Is everyone burnt out on talking about burnout (or, more specifically, ‘millennial burnout’) yet? TBH, the thing that’s got me the most fucked up about this conversation is that I didn’t consult the Canadian Press Style Guide or whatever before creating my ‘burn out’ assets. The fact that this newsletter’s title is grammatically incorrect (‘burn out’ is a verb) will haunt me forever. 😩😩😩😩
(honestly idk i just found this when i googled ‘burnout meme’)
I’m not trying to be derisive; this newsletter literally takes its name after this affliction! To be very real, I guess I’m just feeling a little defensive, maybe bracing myself for the eye-rolling that often follows an idea or object being trend-pieced tf out. I hope you’ll stick with me!
Moving on: I’ve been spending my days in development for a pop music docu-series that you’ll be able to see on Netflix (🌍) and Crave (🇨🇦) in the future. We’re starting writing this week. I’m excited about the challenge of working in a different medium but, because I’m in burnout recovery, I’m still having a hard time focusing on doing one thing. Over the last six months I’ve had to learn to create boundaries around work, as well as my personal life — but especially around my ego, which was making too many decisions that would’ve been better handled by head and heart. I like what Thebe said about this tendency and/or expectation that we go full-throttle in our perceived roles for the sake of the algorithm: “The deification actually works in total opposition to what I’m trying to do, which is to humanize the situation,” he says. “One thing I know for sure is I want to be normalized. I’m here, n-gga —not in a chest-thumping way, but as in, I’m here with y’all on Earth.”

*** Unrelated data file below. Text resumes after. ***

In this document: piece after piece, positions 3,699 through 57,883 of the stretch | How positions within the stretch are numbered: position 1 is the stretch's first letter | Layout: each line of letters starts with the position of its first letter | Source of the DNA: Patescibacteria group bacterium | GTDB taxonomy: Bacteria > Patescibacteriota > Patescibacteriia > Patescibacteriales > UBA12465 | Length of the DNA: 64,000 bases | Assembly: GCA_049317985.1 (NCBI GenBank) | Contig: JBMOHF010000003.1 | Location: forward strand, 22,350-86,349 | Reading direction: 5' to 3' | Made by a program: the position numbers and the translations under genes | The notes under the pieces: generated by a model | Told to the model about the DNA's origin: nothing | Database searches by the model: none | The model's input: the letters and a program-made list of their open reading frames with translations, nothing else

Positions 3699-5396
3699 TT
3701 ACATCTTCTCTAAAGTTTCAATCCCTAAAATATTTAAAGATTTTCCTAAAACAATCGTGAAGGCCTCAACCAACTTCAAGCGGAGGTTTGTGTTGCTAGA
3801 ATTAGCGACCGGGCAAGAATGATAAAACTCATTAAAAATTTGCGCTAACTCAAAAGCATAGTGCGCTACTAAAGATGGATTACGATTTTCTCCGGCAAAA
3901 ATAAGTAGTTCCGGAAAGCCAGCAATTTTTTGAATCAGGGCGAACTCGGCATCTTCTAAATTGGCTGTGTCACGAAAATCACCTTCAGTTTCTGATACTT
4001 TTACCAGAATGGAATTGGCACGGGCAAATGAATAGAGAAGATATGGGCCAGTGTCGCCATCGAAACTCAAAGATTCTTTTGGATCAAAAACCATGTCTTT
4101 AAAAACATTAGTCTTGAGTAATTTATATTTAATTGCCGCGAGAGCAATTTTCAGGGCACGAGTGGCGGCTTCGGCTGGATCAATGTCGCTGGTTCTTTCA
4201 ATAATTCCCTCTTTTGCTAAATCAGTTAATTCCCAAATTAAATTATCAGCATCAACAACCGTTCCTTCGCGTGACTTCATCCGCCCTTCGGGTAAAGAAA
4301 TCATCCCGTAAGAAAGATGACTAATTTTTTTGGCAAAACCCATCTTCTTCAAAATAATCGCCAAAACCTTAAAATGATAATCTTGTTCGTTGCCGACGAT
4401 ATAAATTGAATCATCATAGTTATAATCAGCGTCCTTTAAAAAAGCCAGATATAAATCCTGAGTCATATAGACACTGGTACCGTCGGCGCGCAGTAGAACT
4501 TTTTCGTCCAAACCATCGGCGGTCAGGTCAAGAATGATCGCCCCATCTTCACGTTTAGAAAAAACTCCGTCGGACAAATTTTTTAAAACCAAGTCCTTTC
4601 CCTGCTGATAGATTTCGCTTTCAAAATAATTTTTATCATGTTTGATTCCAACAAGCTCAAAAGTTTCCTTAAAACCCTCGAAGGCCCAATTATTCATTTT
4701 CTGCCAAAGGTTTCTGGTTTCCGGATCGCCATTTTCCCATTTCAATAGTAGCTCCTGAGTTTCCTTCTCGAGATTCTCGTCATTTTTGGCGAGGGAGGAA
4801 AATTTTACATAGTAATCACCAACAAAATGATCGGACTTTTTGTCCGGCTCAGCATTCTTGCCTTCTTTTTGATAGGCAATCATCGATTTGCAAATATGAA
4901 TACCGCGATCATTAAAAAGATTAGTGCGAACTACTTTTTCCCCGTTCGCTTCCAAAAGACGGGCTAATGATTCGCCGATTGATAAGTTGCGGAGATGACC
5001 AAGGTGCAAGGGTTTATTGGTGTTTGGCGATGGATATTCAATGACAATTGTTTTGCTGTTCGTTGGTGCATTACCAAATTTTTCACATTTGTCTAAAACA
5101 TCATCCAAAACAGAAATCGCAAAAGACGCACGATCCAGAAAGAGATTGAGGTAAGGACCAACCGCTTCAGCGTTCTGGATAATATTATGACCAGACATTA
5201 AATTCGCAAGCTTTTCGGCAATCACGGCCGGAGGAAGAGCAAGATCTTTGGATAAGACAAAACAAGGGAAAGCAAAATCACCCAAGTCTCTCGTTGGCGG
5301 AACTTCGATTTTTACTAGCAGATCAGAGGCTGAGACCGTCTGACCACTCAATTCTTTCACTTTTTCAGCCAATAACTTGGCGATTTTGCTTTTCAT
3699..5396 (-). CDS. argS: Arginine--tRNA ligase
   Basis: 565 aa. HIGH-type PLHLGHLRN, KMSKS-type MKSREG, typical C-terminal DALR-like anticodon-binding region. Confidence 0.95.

I can’t tell you how much that sentiment, and the rest of the interview, moved me. It makes me feel tactile and grounded, just like the bare plea in Robyn’s “Human Being.” Why are we wasting so much energy feeling anything less than human?
Did this get a little intense? Sorry, I’ve become obsessed with Tara Brach since summer. Burning out definitely turned me into a little bit of a woo-woo bitch!!! Let me close by sharing a few links that feel more instructive on this topic beyond the rawness of feeling:
On an episode of her new ‘micropod,’ Mary HK Choi referenced this phrase that the writer and novelist Alexander Chee (whose 2017 collection of essays How To Write An Autobiographical Novel was a big fav) used in an interview about process and working on one thing at a time: “the monogamy of an idea.” I love this thought, as well as how Mary furthered the analogy by exploring the temptation and instant gratification that comes when we detour into another “sparkly new” idea, after staring at one thing for so long.
If you're not into monogamy as praxis then here's another way of looking at it, via one of my favourite websites, The Creative Independent: world-building. “You have to think about what you’re doing as creating your own world—and then totally believing in it," says the musician Juan Mendez. “That’s the best way to get anything done. What are other people people doing? Who cares? You don’t care. Because what you’re doing matters the most to you. And you just keep going.”
Lastly, a plea to check in with yourself because, “Personal productivity…serves the same psychological role that busyness has always served: to keep us sufficiently distracted that we don’t have to ask ourselves potentially terrifying questions about how we are spending our days.”
Talk soon —
🔊🔊🔊MORE HUMAN VIBES🔊🔊🔊
💄Freddie Gibbs’ most recent album, Freddie, is greezy af and no one told me?
✊🏾D’Angelo continues apace: “May I stand unshaken, amidst a crashing world?”
🙏🏾On fucking looooop: Duendita’s beautiful Direct Line To My Creator (h/t Naz)
✝️ Duncan’s newsletter about very human saints, heaven 24/7
💰A beautiful way to give back: Vivek Shraya’s new $5k grant for a BIPOC Canadian musician, between the ages of 18-28, to record their first EP.